The other night my husband and I overheard two of our daughters arguing.
My 7 year old said: Evette, why didn’t you want to play with me?Evette (age 4) replied: I didn’t want to play with you because you kept pushing me, and I didn’t like that.
7yo: I’m sorry I pushed you. I was just playing.
4yo: It’s okay.
My husband turned to me with an expression of bemusement on his face and said, “Did they just work that out by themselves?” We were shocked.
This situation with my girls does not happen very often. Usually there is crying, screaming, and door slamming, but they are learning how to fight more effectively.
Before I was a parent, I had visions of my sweet children always helping each other, always playing together, and never fighting. There was never going to be contention in my home. I was very judgy of other families. Those who had contention in their homes with their children were not parenting “right“. There was not enough hugging, praising, teaching, family nights, scripture study, etc. going on in those homes and that’s why those children fought. I never stopped to consider that parents as amazing as Adam and Eve had children who fought.
Soon after I had children of my own, I was hit with a hard dose of reality. I was stunned to learn that children have their own opinions and personalities and yes they DO fight. Who knew?!
Now I know better. Fighting is normal among siblings, and in my opinion, it is healthy too. Fighting with siblings is a safe training ground for future relationships. Fighting with siblings is also a safe environment in which kids can test boundaries and express individuality. However, it is only a safe environment if you teach them HOW to fight.
My husband and I are believers in encouraging our children to work things out on their own and this includes the arguments they have. We have tried hard to foster a safe environment for them to express their differences and teach them how to “fight” effectively and kindly:
1. No name calling. I really do not like my children to call each other names that are hurtful. That is absolutely not allowed in our home and especially during disagreements.
2.No manipulation/ultimatums. Sometimes children don’t know how to express their needs so they turn to manipulation/ultimatums. For example, when my oldest daughter becomes frustrated that her sisters don’t do what she wants them to do she responds with, “okay, I don’t want to play with you anymore.” This is an effective tactic (for her) because her younger sisters really want her to play, so they usually comply with her demands. However, this is a very selfish tactic because the other sisters are forced to abandon their desires. We have tried to teach our girls how to compromise. To help them do this, I’ll sometimes role play with them and help them come up with ideas to negotiate their needs.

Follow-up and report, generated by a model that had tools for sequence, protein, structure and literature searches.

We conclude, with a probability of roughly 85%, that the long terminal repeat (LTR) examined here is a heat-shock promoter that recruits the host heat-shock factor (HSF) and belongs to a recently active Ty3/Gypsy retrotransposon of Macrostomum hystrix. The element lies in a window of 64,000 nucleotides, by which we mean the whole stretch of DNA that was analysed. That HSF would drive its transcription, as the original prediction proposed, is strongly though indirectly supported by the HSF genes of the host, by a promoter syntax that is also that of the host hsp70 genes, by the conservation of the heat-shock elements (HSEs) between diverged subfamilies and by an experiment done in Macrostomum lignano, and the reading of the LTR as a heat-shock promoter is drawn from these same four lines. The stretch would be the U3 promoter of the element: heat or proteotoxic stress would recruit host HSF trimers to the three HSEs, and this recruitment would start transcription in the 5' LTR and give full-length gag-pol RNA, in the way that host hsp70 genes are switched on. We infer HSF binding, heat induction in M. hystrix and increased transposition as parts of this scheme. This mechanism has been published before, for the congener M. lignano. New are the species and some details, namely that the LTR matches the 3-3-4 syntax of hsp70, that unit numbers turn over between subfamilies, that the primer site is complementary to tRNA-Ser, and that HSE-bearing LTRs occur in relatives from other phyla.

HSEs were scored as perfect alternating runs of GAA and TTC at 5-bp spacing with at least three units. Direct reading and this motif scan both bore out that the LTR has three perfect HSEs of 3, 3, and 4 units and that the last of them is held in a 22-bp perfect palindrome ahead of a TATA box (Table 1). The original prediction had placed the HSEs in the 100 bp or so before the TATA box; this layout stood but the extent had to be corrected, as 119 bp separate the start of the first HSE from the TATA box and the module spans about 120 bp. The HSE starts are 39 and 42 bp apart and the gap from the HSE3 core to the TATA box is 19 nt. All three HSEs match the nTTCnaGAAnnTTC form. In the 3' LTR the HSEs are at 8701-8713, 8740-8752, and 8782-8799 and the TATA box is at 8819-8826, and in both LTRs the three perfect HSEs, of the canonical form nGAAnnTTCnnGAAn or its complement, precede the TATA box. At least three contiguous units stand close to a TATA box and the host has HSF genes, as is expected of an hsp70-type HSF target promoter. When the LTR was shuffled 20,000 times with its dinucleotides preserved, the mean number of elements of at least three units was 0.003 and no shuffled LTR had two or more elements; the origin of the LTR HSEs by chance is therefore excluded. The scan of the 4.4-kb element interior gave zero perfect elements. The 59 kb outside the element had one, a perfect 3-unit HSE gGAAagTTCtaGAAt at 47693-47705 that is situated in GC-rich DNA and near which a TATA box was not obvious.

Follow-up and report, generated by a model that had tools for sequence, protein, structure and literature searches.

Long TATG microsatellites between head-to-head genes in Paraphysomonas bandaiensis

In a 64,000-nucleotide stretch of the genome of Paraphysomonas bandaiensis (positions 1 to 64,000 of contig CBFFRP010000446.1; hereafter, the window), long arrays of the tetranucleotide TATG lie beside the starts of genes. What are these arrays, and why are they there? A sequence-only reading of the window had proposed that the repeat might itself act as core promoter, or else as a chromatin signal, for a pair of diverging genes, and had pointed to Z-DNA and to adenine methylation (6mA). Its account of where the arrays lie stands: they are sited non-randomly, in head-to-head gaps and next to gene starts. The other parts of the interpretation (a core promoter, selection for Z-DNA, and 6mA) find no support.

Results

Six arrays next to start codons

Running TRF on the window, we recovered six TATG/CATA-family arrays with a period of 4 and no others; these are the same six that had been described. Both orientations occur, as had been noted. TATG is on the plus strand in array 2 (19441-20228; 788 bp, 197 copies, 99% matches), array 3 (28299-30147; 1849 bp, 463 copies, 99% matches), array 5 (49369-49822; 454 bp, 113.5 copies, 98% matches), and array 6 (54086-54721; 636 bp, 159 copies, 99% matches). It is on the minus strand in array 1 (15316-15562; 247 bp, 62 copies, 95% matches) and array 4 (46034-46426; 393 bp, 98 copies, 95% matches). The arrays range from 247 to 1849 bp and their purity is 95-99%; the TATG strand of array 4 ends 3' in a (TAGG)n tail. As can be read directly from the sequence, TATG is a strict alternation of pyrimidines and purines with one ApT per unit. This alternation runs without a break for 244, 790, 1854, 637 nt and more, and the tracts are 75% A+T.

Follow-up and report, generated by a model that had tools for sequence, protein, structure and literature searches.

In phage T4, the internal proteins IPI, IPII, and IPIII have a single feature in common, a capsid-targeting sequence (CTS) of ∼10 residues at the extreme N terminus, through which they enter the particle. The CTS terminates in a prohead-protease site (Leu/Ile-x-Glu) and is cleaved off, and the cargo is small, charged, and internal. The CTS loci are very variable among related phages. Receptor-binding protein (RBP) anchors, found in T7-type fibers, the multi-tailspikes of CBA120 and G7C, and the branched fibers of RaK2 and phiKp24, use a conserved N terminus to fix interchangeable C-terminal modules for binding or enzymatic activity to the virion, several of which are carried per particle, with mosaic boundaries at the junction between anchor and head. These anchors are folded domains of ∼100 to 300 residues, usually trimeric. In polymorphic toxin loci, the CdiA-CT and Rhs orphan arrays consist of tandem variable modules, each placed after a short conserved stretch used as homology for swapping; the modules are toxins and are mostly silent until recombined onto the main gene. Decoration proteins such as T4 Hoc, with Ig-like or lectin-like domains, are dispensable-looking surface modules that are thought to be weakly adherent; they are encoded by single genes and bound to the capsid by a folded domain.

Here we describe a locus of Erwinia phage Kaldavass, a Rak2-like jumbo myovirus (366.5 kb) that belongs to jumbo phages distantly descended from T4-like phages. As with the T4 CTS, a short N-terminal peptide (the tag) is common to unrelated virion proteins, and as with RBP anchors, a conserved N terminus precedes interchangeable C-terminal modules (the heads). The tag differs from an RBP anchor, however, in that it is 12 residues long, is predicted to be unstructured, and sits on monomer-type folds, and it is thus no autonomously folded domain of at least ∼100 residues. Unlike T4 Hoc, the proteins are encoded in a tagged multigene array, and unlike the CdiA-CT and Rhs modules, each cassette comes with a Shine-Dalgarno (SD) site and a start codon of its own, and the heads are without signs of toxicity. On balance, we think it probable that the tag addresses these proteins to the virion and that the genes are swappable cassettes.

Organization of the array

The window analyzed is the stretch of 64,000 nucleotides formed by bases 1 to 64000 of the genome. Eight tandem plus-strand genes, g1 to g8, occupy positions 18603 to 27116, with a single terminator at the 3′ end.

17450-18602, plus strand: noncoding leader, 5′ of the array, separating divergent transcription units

3. Eliminate the words “always, never, and not fair”. Every parent has undoubtedly heard these words from their children before. “You NEVER do what I want to do.” “You ALWAYS get to be the princess, that’s NOT FAIR.” Sometimes when my children are really upset, they tend to exaggerate. Teach them to focus on the current situation, and not bring up past perceived inequalities.
4. Use feeling words. After a big fight, I’ll sit my girls down in front of each other, have them look each other in the eye, and express how they feel. I try to teach them to do this without attacking. For example, “You made me mad,” is not as useful as, “I felt angry when you didn’t want to play with me.” Feelings can be expressed without the other person feeling attacked. If the other person feels attacked, they fight of flight and then nothing is accomplished.
5. No hitting. This one should go without saying.
6. Apologizing. I read an amazing blog post on how to help children apologize with more sincerity. Apologies are meaningless if they are not genuine. Teach your child how to apologize and how to recognize that their actions may have caused another person pain.
7. Teach them the difference between tattling and reporting. Sometimes my girls want attention in any form including getting their sibling in trouble. We’ve tried to teach them that tattling is used for the intent of getting a person in trouble while reporting is used to get somebody out of trouble. However, this distinction is difficult for children to grasp, so when I know they have come to tattle, my usual response is, “go work it out with your sister.”
8. Keep perspective. I often tell my girls that being right is not as important as your relationship with your sisters, and that sisters are more important than being upset over a THING.
9. (Here is one for the adults) Don’t make the fight about you. Sometimes I have to take a step back and ask myself, “is what my child doing bugging their sibling or is it bugging ME?” For example, one of my daughters was wrestling with another daughter and I was about to intervene when the thought came to me, “your girls are having fun, they are both laughing. This isn’t fighting.” In that situation, I had made their playing about ME. I was about to stop their playful, fun behavior because I was bugged and annoyed.
10. Bonus adult tip. Don’t be too quick to jump in and intervene in their fights. I know we don’t want contention in our homes, so naturally our first inclination is to intervene in any argument, but we need to occasionally step back and quietly observe. How are children going to learn to fight the fire themselves if we’re always there to smother the flames? Encourage your children to work out their arguments and they may surprise you.
Children are going to fight no matter what you do. Teaching them how to fight is very important for their future relationships.Teach them it’s okay to disagree and it’s okay to express their desires, and teach them to do it productively and with kindness.